A toddler is careening around and hits her head on a table. Tables and desks are right at forehead height for a two-year-old. The parent or caretaker rushes over and hugs the crying child. Immediately the caretaker turns to the table and shouts, “Bad table!” and smacks the table hard with his hand and encourages the child to hit and scold the table as well.
If you’re like me the first time I saw this parenting technique, you have a big “WTF?” thought bubble above your head.
The only possible positive effect of this behavior would be to distract the child away from thinking about her pain, which is a good idea for sure. But if you think about it for more than a second, you see that you’re teaching the child that:
- There are no accidents
- Some external agent is always to blame for your pain
- That external agent must be punished with violence
It’s exactly this kind of thinking that is responsible for some of the worst litigation, legislation, violence, and war that has plagued our species throughout history. The exact negation of each of these sentences is what makes (some of) us responsible, honorable, mature adults. The main goal of good parenting should be to teach the child to fight her innate tendencies to think like these sentences and to accept responsibility for her actions.
When you ask a caretaker who has just exhibited this behavior what he is trying to accomplish by hitting the inanimate object and what that teaches the child, he will invariably say that he’s never thought about it and “that’s just what everyone does in that situation”, and that yes, if you follow it to its logical conclusion, that is a bad thing to teach a child. I’ve talked to a few people about this, and they all say the same thing…and then keep right on doing it the next time their kid falls down.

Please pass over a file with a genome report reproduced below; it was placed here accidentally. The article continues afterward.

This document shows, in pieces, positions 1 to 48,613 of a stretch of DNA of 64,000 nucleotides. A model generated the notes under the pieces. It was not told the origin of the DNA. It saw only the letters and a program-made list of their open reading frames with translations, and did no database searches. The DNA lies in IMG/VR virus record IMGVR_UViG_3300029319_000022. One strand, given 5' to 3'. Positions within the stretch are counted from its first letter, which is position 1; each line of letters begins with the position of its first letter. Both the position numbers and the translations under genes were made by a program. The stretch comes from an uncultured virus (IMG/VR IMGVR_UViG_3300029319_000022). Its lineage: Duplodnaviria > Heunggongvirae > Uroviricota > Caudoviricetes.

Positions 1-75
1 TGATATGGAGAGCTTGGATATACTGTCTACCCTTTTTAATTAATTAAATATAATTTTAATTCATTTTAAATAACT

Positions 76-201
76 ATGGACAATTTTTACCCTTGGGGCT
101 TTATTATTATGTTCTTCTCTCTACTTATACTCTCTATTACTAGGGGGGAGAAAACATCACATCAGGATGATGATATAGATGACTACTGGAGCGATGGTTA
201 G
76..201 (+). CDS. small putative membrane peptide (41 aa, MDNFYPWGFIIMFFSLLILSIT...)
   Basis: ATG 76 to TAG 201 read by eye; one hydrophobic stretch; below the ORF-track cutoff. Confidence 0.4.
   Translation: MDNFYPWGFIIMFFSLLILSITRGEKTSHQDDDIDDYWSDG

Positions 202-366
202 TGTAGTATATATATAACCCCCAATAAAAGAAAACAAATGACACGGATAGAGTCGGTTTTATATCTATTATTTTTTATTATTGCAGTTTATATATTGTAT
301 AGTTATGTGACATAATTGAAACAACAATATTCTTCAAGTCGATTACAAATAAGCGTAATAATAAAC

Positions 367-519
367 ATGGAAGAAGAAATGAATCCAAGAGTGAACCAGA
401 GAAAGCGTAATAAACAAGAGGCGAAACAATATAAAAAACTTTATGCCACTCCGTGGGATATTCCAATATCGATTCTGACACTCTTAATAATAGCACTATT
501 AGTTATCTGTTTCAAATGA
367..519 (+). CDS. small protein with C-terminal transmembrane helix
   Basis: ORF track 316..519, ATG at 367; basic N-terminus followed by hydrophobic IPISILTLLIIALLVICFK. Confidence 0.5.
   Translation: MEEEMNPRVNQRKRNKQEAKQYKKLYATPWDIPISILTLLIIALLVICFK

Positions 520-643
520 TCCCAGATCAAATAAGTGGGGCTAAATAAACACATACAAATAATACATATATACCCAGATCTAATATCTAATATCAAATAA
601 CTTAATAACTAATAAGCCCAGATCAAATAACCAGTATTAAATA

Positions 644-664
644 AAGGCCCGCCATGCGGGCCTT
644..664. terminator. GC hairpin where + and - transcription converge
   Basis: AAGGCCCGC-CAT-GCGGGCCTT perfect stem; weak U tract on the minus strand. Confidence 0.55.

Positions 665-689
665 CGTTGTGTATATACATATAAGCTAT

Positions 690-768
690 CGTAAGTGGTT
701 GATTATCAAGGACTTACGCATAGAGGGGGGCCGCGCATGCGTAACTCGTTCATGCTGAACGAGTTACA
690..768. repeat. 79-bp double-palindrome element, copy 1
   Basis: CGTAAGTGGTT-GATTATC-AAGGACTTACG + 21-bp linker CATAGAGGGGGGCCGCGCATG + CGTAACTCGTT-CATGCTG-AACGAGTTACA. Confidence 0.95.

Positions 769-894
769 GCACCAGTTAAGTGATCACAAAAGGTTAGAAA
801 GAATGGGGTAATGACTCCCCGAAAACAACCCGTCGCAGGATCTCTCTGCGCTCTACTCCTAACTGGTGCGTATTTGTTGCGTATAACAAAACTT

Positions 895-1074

This parenting technique seems pretty well ingrained in Spanish culture. I’ve seen my in-laws do it, the people at the grocery store, and parents in the playground. I can only assume that the daycare workers spend a good part of their day reprimanding inanimate objects. Thankfully, I’ve never seen my wife do it. Not that it matters, since my child has already learned the behavior and will often say “Bad!” and slap an object that she’s just carelessly bumped her head on.
Does this happen in other cultures? The only culture of toddlers and toddler parenting I know is the Spanish one. Do American parents exhibit this behavior?
I fully understand that I’m making a mountain of a mole hill here. The vast majority of baby and toddler parenting techniques make no difference in the long term development and maturity of the child. I’ve never seen an adult Spaniard shout at or hit an object that he’s bumped into, so the actual effects of this particular parenting behavior on the majority of children are most likely nil.
It does make me think, however… What behaviors do I exhibit that I do unthinkingly simply “because that’s the way everyone does it“, that, with a little thought, are clearly a bad idea?